No reforms no money, IMF tells Pakistan | Pakistan Today

No reforms no money, IMF tells Pakistan

ISLAMABAD – The International Monetary Fund (IMF) has categorically told the government to come up with economic reforms to qualify for the next tranche of $1.7 billion under the $11.3 billion standby arrangement which is suspended since May last year as Pakistan failed to implement the agreed reforms roadmap.
Pakistan has already received $7.5 billion but the IMF has held back two tranches, which, a source privy to the meetings between the IMF and the government said, are linked to the implementation of reforms. “The IMF plainly refused to release the held-up tranche despite the government again committing to meet all conditions in the next budget,” the source said.
He said the IMF rejected the request on the grounds that a similar commitment was made earlier but nothing actually happened. “The government had committed to implement the reformed general sales tax (RGST) in 2008 but it could not make the RGST part of the 18th amendment,” the source said, adding that broad-based economic reforms could not be implemented in Pakistan without national consensus.
“The IMF team, which recently visited Pakistan, noted that the political parties realized the enormity of economic crisis but lacked the will to take difficult decisions,” he said, adding that the IMF observed the situation in Pakistan was like a run-away train with no driver nor direction.
However, he said the IMF team ‘was heartened’ to see that there was at least a sense of realization among the political parties on the grave economic crisis, but noted that the realization was devoid of political will to implement economic reforms, adding that it advised the Pakistani government to take administrative measures to implement reforms while continuing dialogue for political consensus.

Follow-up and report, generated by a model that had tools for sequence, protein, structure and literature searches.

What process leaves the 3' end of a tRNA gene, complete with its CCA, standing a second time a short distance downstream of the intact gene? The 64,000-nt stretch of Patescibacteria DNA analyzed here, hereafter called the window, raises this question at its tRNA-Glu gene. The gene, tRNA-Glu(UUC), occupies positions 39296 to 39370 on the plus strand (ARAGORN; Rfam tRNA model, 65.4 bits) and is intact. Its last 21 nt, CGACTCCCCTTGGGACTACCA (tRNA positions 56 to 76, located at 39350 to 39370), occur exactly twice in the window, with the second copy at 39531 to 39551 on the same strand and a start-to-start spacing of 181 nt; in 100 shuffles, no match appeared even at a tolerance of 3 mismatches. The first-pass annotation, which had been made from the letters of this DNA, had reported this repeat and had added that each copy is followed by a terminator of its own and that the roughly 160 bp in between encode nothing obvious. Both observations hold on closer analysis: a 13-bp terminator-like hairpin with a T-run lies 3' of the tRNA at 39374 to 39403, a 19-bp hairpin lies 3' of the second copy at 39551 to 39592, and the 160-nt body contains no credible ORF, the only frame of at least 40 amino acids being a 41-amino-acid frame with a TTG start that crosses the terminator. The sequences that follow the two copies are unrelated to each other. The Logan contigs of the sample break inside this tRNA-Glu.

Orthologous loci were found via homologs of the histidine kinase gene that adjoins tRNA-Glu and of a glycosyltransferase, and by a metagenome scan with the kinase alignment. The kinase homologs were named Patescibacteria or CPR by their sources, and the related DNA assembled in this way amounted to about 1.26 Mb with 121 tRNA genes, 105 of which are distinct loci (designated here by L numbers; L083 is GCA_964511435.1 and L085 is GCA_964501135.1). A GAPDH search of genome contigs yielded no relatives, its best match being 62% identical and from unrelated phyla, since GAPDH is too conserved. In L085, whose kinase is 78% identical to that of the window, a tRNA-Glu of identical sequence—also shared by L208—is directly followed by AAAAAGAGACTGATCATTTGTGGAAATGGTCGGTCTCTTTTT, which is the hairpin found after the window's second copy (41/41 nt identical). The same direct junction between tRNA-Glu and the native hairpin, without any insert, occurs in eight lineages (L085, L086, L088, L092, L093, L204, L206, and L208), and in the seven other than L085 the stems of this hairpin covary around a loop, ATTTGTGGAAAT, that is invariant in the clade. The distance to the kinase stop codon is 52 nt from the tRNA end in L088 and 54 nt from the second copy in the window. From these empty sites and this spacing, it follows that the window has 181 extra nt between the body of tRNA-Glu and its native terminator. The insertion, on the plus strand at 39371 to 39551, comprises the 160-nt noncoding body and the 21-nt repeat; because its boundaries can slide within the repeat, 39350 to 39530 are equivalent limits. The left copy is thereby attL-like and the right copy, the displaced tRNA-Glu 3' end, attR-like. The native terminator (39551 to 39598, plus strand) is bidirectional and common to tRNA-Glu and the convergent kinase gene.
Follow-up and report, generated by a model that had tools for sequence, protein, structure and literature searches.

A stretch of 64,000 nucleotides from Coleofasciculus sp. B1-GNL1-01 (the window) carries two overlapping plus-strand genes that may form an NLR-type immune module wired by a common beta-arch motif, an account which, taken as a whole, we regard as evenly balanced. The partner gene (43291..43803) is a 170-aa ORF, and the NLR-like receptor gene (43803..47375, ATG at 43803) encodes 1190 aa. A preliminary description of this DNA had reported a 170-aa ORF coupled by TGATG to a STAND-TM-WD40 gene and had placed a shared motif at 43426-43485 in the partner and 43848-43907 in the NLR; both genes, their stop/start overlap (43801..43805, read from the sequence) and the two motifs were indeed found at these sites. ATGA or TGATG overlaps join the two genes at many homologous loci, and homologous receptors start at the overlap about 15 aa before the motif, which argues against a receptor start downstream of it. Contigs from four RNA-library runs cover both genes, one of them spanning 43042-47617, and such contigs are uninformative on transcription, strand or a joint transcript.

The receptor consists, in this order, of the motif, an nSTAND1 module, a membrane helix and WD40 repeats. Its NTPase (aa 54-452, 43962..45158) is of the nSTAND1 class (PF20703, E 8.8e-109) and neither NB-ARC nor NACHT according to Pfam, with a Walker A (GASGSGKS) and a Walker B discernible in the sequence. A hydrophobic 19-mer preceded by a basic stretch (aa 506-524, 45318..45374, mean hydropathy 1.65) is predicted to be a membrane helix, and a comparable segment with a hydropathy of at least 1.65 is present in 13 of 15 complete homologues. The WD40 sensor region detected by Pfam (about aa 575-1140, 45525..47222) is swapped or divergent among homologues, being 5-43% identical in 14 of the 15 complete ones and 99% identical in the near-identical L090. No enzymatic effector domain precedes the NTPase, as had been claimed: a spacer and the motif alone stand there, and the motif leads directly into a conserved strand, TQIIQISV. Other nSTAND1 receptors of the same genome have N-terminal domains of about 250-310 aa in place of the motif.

As the government could not meet the deadlines agreed with the IMF the IMF team, realizing there were political hiccups, strongly advised Pakistan’s economic mangers to take immediate steps to reform public sector enterprises and privatize them. “The team also advised the government to speed up the privatisation process to dispose of ‘bleeding’ state-owned enterprises,” the source said.
He said the IMF tacitly cited new conditions to privatize loss-making entities with off loading government shares of profitable corporations at the local stock markets. “The IMF did not agree that the current economic crisis in Pakistan is a result of last year’s floods. The team conveyed that the economic mess is a result of bad governance and non-development expenditure,” the source said.
The IMF team of the Director Middle East and Central Asia Department Masood Ahmed and Mission Chief for Pakistan Adnan Mazarei left Pakistan advising to retain the $11.3 standby arrangement facility. The IMF team also advised the government to own the economic reforms by swiftly implementing them, do away with all kinds of subsidies and pursue the privatization programme vigorously to resuscitate the economy and maintain financial assistance from the IMF and other development partners.
“It expressed serious concern on the $2 billion subsidies in the power sector, which it said were holding the economy hostage”. The government tried hard to placate the IMF team by saying it would revise the fiscal deficit to 6 percent of the GDP but it wouldn’t budge, saying that the fiscal deficit was increasing because of bad governance and non-development expenditure, while the share the floods had in the situation was minimal.
They said that the borrowing of over Rs 1 trillion from the central bank would push the country to hyperinflation, making living difficult for most people, thus making economic reforms more difficult and squeezing additional revenue generation in the future, the source said.

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